understand the actual reality of life by accepting the truths as they are. In the poem An acre of grass,
Yeats accepts the fact that he hasnt found out the truth in his lifetime. He represents a clear description
of ending of a manslife and the time of regrets when only memories remain and time and potentials
are lost. He also draws a picture of the people of the real world who are selfish by nature and who
always cheat others for their own benefits in the poem A coat.
2. The poetry of Yeats is modern because it has no complex poetic diction which emphasis on use of
simple language. It is easy and straight forward but the complexity comes when we talk of the themes.
The Themesof immortality, chaos, death, disintegration, pessimism, emptiness, hollowness and loss of
morals and faith are the ones which are evident in the modern poetry and as well as Yeats poetry.
3. The basic agenda or purpose of modernism was breaking away from the traditions and thus the
modern poetry and poetry of Yeats also emphasizes the Breaking away from traditional structure of
poetry and doing something different. In the poem sailing to Byzantium Yeats wants to leave his




place and go to Byzantium because the monuments of traditional work would be unable to provide him
eternity and Byzantium is a place where being different was celebrated. He says:
.. Nor is there singing school but studying
Monuments of its own magnificence;
And therefore I have sailed the seas and come
To the holy city of Byzantium (second stanza lines 13 -16)
4. Yeats poems are a great example of Free versewhich was one of the most basic features of modern

literature which meant extreme way of breaking rules of traditional poetry. There was kept no concern
of following proper meter and rhythm. It was said as it came to a writers mind with the quality of being
in a conversational style for readers also being in an open format with readers left to think, judge and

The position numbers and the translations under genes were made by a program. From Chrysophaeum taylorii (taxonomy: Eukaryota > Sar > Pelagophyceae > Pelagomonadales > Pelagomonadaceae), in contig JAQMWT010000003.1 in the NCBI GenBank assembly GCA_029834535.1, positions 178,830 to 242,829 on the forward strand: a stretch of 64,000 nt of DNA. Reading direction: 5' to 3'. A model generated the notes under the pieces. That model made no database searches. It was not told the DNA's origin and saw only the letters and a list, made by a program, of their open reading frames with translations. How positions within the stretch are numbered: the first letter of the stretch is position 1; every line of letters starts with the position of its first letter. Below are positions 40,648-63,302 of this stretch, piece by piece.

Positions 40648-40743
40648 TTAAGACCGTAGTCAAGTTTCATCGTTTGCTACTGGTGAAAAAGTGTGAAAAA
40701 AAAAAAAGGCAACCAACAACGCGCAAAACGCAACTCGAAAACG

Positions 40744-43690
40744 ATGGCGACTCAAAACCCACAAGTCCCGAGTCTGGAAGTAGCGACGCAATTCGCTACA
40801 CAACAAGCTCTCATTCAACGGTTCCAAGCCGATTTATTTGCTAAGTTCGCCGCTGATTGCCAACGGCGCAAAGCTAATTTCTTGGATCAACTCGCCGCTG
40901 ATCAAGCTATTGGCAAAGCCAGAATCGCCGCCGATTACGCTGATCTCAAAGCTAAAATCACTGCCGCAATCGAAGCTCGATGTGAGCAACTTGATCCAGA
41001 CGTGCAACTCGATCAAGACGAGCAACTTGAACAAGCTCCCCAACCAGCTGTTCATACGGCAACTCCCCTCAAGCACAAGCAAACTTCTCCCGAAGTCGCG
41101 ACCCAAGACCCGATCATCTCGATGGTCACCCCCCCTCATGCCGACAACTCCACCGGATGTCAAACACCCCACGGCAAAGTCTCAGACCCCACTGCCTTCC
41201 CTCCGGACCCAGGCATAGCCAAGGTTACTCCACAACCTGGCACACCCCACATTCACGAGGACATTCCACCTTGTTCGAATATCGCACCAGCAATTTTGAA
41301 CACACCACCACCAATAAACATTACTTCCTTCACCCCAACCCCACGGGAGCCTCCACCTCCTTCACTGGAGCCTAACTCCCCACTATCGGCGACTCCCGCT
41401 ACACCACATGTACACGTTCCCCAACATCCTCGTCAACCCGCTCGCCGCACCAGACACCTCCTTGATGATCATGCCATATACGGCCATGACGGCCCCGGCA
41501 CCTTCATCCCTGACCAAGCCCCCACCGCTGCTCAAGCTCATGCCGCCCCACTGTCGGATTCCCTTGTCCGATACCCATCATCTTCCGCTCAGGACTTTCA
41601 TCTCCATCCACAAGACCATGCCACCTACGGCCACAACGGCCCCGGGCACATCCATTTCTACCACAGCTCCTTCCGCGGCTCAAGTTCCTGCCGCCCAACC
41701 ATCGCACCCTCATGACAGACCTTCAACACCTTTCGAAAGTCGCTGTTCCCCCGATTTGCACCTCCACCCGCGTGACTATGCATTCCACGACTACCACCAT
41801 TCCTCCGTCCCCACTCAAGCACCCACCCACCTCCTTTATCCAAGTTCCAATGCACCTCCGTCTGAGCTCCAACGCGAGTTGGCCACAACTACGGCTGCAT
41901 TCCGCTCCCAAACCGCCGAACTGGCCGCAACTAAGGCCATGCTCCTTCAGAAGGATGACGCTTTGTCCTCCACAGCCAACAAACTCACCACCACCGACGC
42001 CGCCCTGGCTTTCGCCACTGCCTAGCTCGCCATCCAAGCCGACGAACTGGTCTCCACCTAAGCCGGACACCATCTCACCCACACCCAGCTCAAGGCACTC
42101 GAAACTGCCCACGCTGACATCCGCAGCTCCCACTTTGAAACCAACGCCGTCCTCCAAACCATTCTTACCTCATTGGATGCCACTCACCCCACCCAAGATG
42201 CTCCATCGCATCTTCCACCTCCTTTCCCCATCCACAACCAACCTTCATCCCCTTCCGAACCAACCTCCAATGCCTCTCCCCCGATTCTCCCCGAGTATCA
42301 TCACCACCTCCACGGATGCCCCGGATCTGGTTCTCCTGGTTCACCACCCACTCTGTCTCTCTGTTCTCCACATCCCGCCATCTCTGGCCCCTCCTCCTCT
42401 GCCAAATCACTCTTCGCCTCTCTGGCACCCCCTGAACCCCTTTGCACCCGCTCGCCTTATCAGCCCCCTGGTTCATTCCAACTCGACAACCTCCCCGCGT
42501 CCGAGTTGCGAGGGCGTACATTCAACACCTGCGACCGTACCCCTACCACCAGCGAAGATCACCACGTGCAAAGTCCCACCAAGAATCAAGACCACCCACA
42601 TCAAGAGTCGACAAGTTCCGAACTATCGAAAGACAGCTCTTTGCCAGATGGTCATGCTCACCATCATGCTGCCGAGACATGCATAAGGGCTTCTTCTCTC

interpret various aspects. Conversational expression is also a great feature of modern poetry which
can also be seen in the Yeats work. Yeats talks to his readers in a very simple style such as he is
conversing directly with the audience.
5. The modern literature had always the quality of being subjective using personal pronoun I. Thus we
also see this feature in Yeats poetry as well where the Idea is personal, subjective and individual i.e. of
Yeats himself. He represents his own individual philosophy. He says in his poems
I MADE my song a coat. (A Coat: line 1)
Grant me an old mans frenzy,
Myself must I remake
Till I am Timon and Lear (An acre ofgrass: stanza 3)
Once out of nature I shall never take
My bodily form from any natural thing (Sailing to Byzantium: stanza 4)

6. Yeats poetry consists of complex symbols and themes with use of imagery and other figurative
techniques that add to the complexity of the poem as a whole. Moreover multiple meanings and
interpretations are a great feature which we see in Yeats poetry similar to the modern literature. No
conventional poetic diction or structure of sentences is used in Yeats poetry. Apparently his poems
seem simple and straight forward with complexity in themes and style. Although Yeats uses simple
diction but he brings complexity and ambiguity in his poems through metaphorical language that
implies multiple meanings under it. Modern literature itself was complex in a way that it was written
for an educated audience which could understand and analyze the deeper unfolded meanings of the
apparently simpler diction and style.







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Academia 2015